Princess Odette and Odile from 'The Black Swan Picture

I recently read this book and it was pretty good. One of Mercedes Lackey's better novels based on a fairy-tale. It's a re-interpretation of "Swan Lake," and is mostly told from Odile's point of view.

In this story, Odile is a young sorceress studying the same magic as her father, Baron von Rothbart. Odile's one true desire has always been to have her father's approval, though she's never really gotten it from him (mostly due to Rothbart being an evil, arrogant, misogynistic, power-mad jerk in addition to being a powerful sorcerer). Rothbart feels it's his duty to punish unfaithful & traitorous women, and those he finds he usually plants a curse on them to turn them into swans by day & they become women at night by light of the moon. He then imprisons the poor girl on his estate. It's usually Odile's job to tend to the swan-maidens living in the castle gardens. It isn't until the Queen of the Swans, Princess Odette, challenges Rothbart and they make a bet that if she can keep the loyalty of a man for a month, he will undo the curse on the swan-maidens. If not, they'll be doomed to live out their lives that way. He then takes the swans & Odile on a long trip to a faraway kingdom.

During the journey Odile learns a great deal about her own strengths in magic, in addition to befriending the swan-maidens and feeling sympathy for them in their plight. She's all for letting them all become permanent humans again if it means she & her father can travel the world without the burden of caring for the swans. Little does Odile know what her father truly has in mind.

In the kingdom the group is headed for is an aging, evil, power-hungry Queen who plots to keep the throne in spite of her son, Prince Siegfried, coming of age, getting married, & being crowned king. Prince Siegfried originally was a spoiled, irresponsible lecher, until a religious experience causes him to reform his ways. The Queen grows worried when the court actually starts to like the prince, and she sets up a big outing event that includes 6 prospective princesses for the prince to choose from. She also makes a deal with Rothbart to include his daughter Odile with the prospective brides, pleased at the idea to have a sorcerer close at hand in court.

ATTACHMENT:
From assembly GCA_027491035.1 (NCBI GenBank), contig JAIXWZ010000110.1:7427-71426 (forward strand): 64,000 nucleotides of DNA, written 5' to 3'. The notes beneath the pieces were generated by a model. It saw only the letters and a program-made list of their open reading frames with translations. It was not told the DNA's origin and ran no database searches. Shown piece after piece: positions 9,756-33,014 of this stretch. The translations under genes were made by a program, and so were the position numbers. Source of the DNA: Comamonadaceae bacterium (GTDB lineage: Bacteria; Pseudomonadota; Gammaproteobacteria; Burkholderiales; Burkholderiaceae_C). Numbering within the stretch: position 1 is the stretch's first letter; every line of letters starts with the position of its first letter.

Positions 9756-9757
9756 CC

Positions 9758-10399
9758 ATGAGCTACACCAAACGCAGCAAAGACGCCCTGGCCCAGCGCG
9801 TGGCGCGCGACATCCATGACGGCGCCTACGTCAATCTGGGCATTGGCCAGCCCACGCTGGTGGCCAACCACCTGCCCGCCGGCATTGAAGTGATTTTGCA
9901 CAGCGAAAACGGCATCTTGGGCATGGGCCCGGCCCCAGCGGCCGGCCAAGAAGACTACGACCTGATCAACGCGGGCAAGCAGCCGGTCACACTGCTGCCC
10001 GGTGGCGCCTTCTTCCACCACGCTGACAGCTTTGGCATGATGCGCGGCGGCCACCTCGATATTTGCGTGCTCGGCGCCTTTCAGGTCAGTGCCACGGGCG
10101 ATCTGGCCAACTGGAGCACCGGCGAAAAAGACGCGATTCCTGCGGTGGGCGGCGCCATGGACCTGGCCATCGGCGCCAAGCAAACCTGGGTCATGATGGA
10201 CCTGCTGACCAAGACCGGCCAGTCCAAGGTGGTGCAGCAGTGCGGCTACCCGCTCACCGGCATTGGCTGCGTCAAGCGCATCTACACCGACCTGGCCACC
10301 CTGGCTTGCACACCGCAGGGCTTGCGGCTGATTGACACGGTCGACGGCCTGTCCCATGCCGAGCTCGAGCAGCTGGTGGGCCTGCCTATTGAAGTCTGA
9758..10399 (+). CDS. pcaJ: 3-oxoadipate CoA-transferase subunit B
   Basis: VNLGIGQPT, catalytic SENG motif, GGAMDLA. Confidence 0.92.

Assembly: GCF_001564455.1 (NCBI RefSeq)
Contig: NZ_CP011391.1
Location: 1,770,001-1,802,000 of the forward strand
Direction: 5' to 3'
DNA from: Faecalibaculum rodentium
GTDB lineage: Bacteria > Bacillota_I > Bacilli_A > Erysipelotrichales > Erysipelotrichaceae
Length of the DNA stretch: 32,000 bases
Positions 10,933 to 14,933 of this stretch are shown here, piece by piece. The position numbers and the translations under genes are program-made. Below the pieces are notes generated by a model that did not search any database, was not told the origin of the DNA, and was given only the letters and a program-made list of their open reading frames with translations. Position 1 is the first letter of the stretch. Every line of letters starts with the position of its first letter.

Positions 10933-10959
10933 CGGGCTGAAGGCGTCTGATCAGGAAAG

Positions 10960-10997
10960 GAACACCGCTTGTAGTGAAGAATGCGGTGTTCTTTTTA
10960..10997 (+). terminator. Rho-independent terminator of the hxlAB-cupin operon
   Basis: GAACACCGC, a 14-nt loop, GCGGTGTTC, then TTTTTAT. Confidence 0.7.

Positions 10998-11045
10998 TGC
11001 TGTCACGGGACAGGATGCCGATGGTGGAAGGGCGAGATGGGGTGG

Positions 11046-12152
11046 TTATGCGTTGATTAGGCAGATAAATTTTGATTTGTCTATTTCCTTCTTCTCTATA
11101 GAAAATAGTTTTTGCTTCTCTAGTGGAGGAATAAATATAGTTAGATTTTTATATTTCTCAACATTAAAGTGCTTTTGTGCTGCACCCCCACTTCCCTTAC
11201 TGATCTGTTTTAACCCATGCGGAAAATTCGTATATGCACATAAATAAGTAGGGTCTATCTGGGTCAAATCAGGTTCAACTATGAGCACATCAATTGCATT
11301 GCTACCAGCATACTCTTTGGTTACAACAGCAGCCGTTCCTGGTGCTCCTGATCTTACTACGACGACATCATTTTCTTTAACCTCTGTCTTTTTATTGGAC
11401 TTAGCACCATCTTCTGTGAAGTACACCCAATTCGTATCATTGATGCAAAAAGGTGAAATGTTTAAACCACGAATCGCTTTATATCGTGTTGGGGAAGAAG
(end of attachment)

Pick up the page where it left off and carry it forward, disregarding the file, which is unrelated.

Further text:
While hunting swan, Prince Siegfried comes upon Odette & watches her transform into a human, and once he sees her, it's love at first sight. Odile is most pleased, but she soon learns that all is not what it seems with her father & his plans to take revenge on the Queen or cheat at the pact he made with Odette. It's up to Odile to see if she has the power and resources to set things right in the end.

I used Azalea's goddess-maker [link] to re-create 2 of the major characters for the novel. Odile is on the right, and she's described as being beautiful, and very pale with very long, silvery hair. She's mostly very quiet, intelligent, and a shrewd observer in the story. She mostly wears black in the book to set off her looks in addition to symbolize the fact that she's a sorceress. Unlike Odette or the other swan-maidens, Odile not only can transform back & forth from being a swan to a human any time she wants, but she changes into a black swan, rather than a white one like the swan-maidens do.

Odette is on the left and was described as being a pale blond beauty with dark blue eyes & a regal demeanor. She was also kind & gentle to the other swan-maidens, and they looked up to her. She was the most refined & intelligent of the swan-maidens, and whenever she changed into a swan, you could tell her from the others b/c she wore a gold necklace with a crown-shaped pendant around her neck. Unlike some of the swan-maidens, Odette's betrayal didn't come in the form of adultery. Her father had sworn to her dying mother that he would not wed Odette to a man she didn't like, and then turned around & did it anyway once her mother was gone. So Odette ran away from home with the help of a palace servant. Rothbart didn't really seem to care that it was ODETTE being betrayed. He only saw the princess's betrayal of her father & saw her as a perfect candidate for one of his swans, hence the kidnapping & cursing her.

Both women wear simple silk gowns when in human form, for Odile described the garments as being the easiest to conjure on the swan-maidens (as well as herself) when they became human at night.

A lot of ladies LOVE the swan costume Odile is wearing on the front cover (and yes, she did wear it in the book). More than once I've seen pictures of the costume being duplicated for either full-grown women, or being re-created for One-Of-A-Kind dolls to wear.
Continue Reading: Ages of Man